Outside the classroom, Dawn wants to know what's happened, since Joyce was supposed to pick her up. Buffy attempts to take her sister somewhere private, but Dawn refuses and gets more upset. She demands to know where Joyce is, so Buffy is forced to tell her there and then. The others in the art class are unable to listen, watching the two through the window. As Buffy talks to her, Dawn collapses to the floor in tears.

In their dorm at UC Sunnydale, Willow and Tara wait for Xander. Willow starts to break down as she can't find a certain blue shirt that Joyce once liked, and feels that the others are either too somber or too childlike to wear in the hospital. Tara attempts to keep Willow calm, and reminds her that she has to be there for Buffy and Dawn. Thinking of Dawn causes Willow to start crying again. Tara eventually manages to help Willow stop the tears, kissing her and telling her she has to remain strong.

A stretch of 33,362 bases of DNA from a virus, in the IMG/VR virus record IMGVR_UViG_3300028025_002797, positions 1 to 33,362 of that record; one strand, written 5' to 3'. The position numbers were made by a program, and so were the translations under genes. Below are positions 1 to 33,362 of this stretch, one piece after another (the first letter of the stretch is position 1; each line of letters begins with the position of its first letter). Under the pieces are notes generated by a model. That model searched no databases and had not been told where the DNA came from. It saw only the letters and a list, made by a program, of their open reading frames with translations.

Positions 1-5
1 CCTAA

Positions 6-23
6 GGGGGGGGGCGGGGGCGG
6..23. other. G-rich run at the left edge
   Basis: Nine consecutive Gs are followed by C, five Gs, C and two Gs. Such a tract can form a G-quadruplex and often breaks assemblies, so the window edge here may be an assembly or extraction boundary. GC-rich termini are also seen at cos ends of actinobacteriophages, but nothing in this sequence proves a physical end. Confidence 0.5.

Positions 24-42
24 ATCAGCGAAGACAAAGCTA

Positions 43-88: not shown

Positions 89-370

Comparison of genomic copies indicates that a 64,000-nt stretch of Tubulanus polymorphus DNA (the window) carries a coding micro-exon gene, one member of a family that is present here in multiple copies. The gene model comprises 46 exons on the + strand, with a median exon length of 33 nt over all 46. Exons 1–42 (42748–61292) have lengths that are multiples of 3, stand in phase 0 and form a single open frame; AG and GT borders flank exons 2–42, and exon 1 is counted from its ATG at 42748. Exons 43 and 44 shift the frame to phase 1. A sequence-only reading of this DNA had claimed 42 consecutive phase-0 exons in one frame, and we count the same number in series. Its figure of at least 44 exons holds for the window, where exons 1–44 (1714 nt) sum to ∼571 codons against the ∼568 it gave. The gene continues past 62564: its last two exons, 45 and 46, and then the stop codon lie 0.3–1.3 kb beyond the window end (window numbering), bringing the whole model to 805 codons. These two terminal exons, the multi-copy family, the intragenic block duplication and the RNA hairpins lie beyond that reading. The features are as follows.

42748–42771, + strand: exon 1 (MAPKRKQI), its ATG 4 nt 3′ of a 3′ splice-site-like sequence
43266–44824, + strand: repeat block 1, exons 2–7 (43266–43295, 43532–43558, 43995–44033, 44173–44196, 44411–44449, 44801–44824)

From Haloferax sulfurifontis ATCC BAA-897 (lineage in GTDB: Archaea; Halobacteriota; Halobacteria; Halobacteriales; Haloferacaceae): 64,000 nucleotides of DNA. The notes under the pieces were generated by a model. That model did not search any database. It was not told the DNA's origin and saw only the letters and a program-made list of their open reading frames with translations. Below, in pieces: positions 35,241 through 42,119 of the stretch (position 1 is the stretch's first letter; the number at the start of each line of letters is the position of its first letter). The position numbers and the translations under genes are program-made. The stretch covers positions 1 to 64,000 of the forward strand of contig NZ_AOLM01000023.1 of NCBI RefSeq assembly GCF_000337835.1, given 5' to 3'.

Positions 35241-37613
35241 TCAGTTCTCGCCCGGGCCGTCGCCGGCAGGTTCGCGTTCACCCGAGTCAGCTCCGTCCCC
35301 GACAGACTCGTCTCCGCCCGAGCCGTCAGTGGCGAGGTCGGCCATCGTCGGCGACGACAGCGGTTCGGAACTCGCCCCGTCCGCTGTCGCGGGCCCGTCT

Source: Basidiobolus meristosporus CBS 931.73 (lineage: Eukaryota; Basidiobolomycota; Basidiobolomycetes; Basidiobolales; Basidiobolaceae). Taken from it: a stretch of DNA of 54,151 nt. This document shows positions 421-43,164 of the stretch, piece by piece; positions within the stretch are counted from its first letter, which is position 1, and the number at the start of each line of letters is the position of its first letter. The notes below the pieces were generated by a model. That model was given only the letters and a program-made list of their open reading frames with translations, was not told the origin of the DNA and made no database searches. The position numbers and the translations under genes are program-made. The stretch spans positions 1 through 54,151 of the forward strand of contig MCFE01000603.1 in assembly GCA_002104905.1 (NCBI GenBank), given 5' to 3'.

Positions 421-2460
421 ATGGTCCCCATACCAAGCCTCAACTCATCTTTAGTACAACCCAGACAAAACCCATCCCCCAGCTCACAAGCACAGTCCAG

Xander and Anya soon arrive at the campus and he double-parks, not caring if he gets a ticket. Joining Willow and Tara, the four discuss their shock over what's happened. Anya starts to ask questions about what is going to happen, however no one answers. Xander suggests that Glory is responsible for Joyce's death, then tries to blame the doctors who operated on her, getting angrier that this is something that "just happened." Willow jokingly offers to take him on, helping Xander to calm down. Tara offers to look for Willow's blue shirt in the dorm's laundry room, and leaves.